Part of my dissertation research examined this puzzle. I wanted to understand treatment decisions from women’s point of view, and how broader social and economic forces shape their decision-making process (Zhou 2016). I learned from public health research that there are many possible barriers that can make it difficult for women to access treatment, such as stigma, lack of support from husbands, no transport to the clinic, and insufficient knowledge of HIV and ART. But these barriers could not explain why so many more women stopped treatment after Option B+. It was also difficult to know which barriers were more or less salient for women’s treatment decisions. I drew from research in medical sociology that focused on describing how patients assessed the efficacy of treatment through their own experiences with illness and drug-taking. With the help of a research assistant, I interviewed 65 HIV-positive women who started treatment through Option B+. In order to capture a range of experiences, I included 29 women who started and stayed on ART, 10 who initially refused, and 26 who started but stopped for some time.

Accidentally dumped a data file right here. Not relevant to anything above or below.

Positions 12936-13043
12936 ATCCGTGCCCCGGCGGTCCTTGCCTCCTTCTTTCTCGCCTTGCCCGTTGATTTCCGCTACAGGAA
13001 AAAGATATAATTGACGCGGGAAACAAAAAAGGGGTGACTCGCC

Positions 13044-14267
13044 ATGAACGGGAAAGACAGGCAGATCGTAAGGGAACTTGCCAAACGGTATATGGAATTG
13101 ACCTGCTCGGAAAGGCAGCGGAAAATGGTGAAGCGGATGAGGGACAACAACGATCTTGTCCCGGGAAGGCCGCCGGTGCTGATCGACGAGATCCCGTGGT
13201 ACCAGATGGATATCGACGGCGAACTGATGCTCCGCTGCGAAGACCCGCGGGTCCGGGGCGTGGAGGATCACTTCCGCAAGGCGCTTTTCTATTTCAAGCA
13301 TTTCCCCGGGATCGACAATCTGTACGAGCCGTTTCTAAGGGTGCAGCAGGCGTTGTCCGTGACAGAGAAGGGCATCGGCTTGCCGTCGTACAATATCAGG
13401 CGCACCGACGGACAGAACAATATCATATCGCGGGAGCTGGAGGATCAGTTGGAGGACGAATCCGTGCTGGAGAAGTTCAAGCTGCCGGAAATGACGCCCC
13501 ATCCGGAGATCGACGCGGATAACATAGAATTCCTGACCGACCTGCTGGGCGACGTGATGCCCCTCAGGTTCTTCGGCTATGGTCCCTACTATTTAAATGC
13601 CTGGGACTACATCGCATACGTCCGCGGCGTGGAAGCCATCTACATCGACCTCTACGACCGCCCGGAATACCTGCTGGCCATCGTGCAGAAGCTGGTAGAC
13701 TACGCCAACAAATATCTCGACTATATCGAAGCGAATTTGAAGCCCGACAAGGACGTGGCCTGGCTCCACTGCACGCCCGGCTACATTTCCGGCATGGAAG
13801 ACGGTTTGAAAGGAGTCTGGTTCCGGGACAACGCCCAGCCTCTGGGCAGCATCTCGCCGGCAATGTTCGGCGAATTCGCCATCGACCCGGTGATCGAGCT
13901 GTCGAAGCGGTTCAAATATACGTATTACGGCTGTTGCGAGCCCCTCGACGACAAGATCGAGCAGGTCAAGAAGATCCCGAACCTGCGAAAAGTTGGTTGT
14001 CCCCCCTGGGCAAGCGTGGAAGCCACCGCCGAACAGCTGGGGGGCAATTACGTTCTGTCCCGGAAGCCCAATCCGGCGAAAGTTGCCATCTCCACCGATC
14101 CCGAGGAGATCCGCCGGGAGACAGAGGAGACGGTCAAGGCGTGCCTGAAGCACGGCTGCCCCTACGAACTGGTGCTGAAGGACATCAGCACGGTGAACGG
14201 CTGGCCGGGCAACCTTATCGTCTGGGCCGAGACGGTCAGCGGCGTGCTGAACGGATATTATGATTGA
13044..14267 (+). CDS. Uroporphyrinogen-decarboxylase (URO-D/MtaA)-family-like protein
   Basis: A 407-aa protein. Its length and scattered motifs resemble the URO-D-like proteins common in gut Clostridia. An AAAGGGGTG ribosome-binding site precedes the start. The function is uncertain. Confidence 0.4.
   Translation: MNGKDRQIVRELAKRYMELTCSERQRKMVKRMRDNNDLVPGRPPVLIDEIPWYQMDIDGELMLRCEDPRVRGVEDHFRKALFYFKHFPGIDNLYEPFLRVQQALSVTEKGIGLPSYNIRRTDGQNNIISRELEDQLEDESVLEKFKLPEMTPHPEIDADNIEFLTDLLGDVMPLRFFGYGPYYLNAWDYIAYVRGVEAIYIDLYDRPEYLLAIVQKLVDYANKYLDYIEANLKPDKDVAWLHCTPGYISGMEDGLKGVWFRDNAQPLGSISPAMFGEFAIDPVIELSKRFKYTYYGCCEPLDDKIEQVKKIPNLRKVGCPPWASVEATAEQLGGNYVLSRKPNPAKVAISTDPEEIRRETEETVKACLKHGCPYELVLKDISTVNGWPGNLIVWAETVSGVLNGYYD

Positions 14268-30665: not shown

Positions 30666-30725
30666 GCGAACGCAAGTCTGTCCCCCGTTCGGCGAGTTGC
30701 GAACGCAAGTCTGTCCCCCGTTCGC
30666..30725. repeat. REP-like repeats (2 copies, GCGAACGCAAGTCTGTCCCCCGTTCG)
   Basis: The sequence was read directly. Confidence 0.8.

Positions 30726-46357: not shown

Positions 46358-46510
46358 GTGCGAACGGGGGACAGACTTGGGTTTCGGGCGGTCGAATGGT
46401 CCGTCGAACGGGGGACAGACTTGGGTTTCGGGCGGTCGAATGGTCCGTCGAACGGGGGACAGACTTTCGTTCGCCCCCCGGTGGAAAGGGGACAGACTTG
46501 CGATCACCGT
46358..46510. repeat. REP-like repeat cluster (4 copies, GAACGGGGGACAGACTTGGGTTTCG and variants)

Women were automatically tested for HIV when they came to the clinic for their pregnancy. Many were surprised to find out that they were HIV positive. With Option B+, women would be tested, undergo counseling, and start treatment on the same day. All of this could feel overwhelming. A young woman, for instance, found herself wondering: “should I live a life of medicines?” She explained to us that she was only 19 years old and pregnant with her first child. While she understood the benefits of ART, it was hard to imagine still taking this medicine 10 years (and more) into the future. She wondered what ART would do and how she would feel after so many years of treatment. Moreover, most women came to the clinic feeling healthy; they did not see any symptoms that would normally warrant taking medicine. For healthcare providers, a positive HIV test clearly shows that a patient needs to start ART. But for women, there was a lot of uncertainty surrounding treatment – they physically felt fine, and they did not know how treatment would fit into their lives years and decades in the future.